Details remained unclear on Monday. But China, the world’s second biggest petroleum consumer after the United States, is striving to cement better ties with resource-rich Ecuador.
Chinese company Sinohydro is bidding for a contract with Ecuador to build a $2 billion hydroelectric plant in the country.

In addition, the leftist Ecuadorean government says it is in talks with Chinese companies interested in investing in the Manta air base, which the U.S. Army is due to leave in September. Ecuador wants to build a commercial airport in Manta.

According to the Chinese customs office, China imported 326,000 tonnes of crude oil from Ecuador in the first four months of 2009.

Ecuador is the fifth largest producer of crude oil in South America after Venezuela, Brazil, Argentina and Colombia. It produced 486,000 barrels of crude oil a day in May.

Impoverished Ecuador faces a liquidity crunch due to low oil prices. The government’s recent debt default has shut the country off from the international capital markets.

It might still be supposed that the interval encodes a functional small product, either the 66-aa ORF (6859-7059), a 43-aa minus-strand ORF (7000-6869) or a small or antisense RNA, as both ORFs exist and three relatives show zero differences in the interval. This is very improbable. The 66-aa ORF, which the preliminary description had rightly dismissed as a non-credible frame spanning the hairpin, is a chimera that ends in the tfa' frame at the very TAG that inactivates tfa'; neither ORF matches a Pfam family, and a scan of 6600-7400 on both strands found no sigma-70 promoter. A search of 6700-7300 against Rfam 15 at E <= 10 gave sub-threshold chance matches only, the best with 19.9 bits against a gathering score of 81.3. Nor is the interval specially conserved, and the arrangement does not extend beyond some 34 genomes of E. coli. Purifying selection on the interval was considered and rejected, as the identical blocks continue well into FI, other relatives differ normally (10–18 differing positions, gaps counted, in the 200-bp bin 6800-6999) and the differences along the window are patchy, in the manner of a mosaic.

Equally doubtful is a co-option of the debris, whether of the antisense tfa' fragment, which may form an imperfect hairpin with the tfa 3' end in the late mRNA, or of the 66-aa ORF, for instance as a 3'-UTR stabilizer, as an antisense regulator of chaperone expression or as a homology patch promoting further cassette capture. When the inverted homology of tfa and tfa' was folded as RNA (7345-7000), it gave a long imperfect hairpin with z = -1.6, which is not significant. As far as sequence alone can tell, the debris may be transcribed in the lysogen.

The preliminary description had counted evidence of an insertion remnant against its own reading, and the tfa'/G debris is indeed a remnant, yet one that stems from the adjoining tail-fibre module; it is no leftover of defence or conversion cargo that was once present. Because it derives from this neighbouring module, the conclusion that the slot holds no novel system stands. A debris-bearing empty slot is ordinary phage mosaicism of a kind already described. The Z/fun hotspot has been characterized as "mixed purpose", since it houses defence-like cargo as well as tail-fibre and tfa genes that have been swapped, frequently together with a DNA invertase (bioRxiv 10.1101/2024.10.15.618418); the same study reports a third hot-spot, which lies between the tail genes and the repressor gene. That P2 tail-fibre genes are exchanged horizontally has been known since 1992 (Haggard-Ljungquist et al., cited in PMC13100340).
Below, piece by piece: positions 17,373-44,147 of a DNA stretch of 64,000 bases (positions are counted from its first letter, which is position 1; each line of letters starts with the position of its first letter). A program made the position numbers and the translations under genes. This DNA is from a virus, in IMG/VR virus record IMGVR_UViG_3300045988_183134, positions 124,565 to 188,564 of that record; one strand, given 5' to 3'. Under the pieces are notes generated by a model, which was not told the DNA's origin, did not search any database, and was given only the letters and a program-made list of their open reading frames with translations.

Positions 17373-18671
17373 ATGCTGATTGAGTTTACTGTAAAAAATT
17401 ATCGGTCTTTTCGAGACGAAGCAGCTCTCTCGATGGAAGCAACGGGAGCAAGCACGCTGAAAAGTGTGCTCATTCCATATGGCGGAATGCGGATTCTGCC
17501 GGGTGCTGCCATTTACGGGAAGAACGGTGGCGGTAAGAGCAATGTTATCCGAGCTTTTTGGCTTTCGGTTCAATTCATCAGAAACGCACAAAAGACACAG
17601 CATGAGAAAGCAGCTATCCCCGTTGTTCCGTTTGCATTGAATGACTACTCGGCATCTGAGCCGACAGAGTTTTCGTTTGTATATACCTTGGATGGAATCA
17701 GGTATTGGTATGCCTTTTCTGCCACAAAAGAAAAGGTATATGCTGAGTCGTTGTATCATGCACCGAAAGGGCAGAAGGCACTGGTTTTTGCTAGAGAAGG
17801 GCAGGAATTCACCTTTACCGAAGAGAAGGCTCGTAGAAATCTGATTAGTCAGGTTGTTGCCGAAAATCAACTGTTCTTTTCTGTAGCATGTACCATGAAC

Here is how one sharp Ecuador businessman explained the problem to me.

The government took payment now on 30% of its future oil, beginning next January to balance the current budget. How will it balance its budget next year with only 70% of its oil?

This leaves the Ecuador government only two options… higher gas prices… a factor beyond its control… or a cut back which means breaking more election promises.

That’s why it made sense to me that demonstrations would start next year not now.

However I was wrong. On hearing of the demonstrations I wrote to a network of friends and contacts across the country to get people’s opinions. Here are some of the replies I received.

Business person from Manta:

Dear Gary, Today Sunday the indigenas stared to make groups in different places of Guayaquil  and especially Quito. It Iooks like they want to make strikes tomorrow and to close main roads especially in highlands areas.   Until this moment everybody is quiet and nobody worries over  that situation.  The people are asking for solutions to water problems and something more.,

I think we have to see what happens tomorrow and hope that there is nothing more than a one day demonstration.

The Real Estate Tour in Manta was very good yesterday.  The people were very nice and it looks like two couples and two men are planning to stay in Manta to see more properties.

Demonstrations have been brewing and are now taking place on two fronts.